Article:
I recently attended a Writers and Artists event at Bloomsbury Publishing in London. During the ‘How to Write for Children & Young Adult Conference,’ Smriti Prasadam-Halls, author of ‘Don’t call me sweet’ & ‘I love you night and day’ walked us through some of the basics of creating a successful picture book story. As I listened, it struck me...
how this mirrored many of the elements of designing and facilitating a good training session. I thought I’d share some of the comparisons:
The flow: There’s a pattern to most stories: Introduction to character, introduction to situations, potential issues, crisis and then resolution. (In a training session ‘introduction to character’ does not necessarily mean a boring, ‘this is me, here is the fire escape routine, but more about the character of the session.)
The story: Have something interesting to say! Create key phrases that can be easily remembered and repeated. (What are people going to remember about your session?)
Formatting: You only have a certain amount of space to convey your story. Use it wisely!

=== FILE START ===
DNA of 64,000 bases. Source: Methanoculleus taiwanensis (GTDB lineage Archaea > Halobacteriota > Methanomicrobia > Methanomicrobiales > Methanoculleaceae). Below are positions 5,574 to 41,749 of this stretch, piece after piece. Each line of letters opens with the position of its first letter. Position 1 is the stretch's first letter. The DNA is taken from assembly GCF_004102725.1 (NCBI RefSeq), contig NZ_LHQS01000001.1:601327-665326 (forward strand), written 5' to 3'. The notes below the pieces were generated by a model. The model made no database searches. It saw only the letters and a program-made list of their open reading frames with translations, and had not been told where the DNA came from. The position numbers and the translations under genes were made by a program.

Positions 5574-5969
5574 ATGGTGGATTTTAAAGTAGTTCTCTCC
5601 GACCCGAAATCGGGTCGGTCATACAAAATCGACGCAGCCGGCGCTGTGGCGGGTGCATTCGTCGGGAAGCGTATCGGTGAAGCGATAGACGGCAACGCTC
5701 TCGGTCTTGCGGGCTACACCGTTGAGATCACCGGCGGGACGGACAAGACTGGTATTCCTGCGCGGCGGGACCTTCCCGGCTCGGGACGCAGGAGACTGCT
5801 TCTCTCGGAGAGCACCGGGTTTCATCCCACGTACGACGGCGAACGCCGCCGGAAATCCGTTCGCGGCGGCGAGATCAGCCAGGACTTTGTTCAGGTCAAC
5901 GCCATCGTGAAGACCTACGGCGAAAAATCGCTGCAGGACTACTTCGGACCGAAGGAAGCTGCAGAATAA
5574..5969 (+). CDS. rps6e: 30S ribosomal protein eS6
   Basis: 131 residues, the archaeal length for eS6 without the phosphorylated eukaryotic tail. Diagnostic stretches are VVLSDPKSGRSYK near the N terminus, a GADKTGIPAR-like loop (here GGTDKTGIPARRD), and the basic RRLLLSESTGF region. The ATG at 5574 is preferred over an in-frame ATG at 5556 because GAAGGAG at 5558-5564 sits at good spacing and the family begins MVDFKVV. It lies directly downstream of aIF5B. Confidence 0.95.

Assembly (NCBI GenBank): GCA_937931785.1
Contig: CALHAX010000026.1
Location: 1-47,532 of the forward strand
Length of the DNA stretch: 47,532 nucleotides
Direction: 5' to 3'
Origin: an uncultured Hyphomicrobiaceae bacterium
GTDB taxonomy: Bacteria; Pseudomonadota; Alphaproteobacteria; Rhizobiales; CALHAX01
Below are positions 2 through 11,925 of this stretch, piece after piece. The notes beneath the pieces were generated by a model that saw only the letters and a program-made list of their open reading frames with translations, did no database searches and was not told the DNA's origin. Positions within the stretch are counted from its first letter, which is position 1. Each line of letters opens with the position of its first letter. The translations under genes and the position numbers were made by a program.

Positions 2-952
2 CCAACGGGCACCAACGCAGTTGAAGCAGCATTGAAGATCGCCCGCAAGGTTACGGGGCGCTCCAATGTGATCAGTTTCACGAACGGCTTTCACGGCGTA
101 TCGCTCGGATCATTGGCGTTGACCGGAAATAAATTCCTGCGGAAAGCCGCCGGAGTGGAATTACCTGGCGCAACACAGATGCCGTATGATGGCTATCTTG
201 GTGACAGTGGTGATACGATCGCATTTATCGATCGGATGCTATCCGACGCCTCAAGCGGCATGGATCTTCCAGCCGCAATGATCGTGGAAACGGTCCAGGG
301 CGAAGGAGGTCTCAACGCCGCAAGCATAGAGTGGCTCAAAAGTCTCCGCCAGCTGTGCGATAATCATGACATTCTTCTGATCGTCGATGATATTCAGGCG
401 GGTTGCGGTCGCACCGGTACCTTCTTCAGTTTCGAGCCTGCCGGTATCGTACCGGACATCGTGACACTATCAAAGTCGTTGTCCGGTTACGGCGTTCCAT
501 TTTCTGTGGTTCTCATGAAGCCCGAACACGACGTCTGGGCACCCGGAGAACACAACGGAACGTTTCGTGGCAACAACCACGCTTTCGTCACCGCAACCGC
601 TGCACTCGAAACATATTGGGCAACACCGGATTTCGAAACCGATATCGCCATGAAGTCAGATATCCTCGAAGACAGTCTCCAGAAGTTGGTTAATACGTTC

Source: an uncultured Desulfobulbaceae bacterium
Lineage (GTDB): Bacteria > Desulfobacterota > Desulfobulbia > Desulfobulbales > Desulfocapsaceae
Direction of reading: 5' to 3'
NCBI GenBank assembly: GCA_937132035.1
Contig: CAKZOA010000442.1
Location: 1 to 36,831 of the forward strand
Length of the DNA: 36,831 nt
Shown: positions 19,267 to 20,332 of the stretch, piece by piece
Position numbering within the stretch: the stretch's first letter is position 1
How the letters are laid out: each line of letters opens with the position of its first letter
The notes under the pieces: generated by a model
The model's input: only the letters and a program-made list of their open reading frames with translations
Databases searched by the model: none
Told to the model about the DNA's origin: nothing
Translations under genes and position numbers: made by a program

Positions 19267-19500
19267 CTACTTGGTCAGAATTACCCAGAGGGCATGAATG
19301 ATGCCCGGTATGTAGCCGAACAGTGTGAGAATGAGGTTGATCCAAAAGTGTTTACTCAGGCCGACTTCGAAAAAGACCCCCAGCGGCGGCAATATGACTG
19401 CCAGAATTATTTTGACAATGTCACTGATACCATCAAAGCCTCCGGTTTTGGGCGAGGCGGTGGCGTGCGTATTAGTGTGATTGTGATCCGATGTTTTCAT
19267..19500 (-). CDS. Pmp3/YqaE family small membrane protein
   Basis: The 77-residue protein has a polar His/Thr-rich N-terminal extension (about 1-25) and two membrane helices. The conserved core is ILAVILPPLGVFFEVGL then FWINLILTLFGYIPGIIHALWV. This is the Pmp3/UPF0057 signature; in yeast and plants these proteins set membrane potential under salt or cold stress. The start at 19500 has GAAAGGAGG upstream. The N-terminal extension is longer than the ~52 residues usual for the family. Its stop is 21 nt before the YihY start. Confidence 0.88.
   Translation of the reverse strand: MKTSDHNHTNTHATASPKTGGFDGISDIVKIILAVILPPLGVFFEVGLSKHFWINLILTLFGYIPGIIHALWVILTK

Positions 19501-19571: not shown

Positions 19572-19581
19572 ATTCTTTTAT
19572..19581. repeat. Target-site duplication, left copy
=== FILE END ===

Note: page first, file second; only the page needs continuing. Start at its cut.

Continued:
Dual audience: The audience you read to is only half your audience. Parents, or in this case business stakeholders, have a vital role in the telling of the story too! If they don’t like or understand the story, it won’t get read.
The voice: Whose voice needs to be heard – yours, the listener or the characters?
One sentence pitch: Can you sum up your story in just one sentence? If not, it may be too complicated or you don’t understand or believe in it yourself!
Editing: Even when you think you’re done – edit and edit again. Cut out the fillers, focus on the key points.
Creating enticing visuals: Although you might think a snazzy book cover is one of the biggest selling points, it's usually one of the last things to be created! The most splendid imagery still won’t cover up a poor story!
As a side note, Smriti held this two-hour workshop for approx. 30 budding authors with no PowerPoint slides or flipcharts, just some props (her books) and some simple, yet effective, handouts for exercises. What made this a great success, in my eyes, is that she was passionate about her topic, and walked us through each step of the session just like a story unfolding.
Learning doesn't just happen in a training session. It happens all around us! Follow my ramblings and continue to see the world in a different light!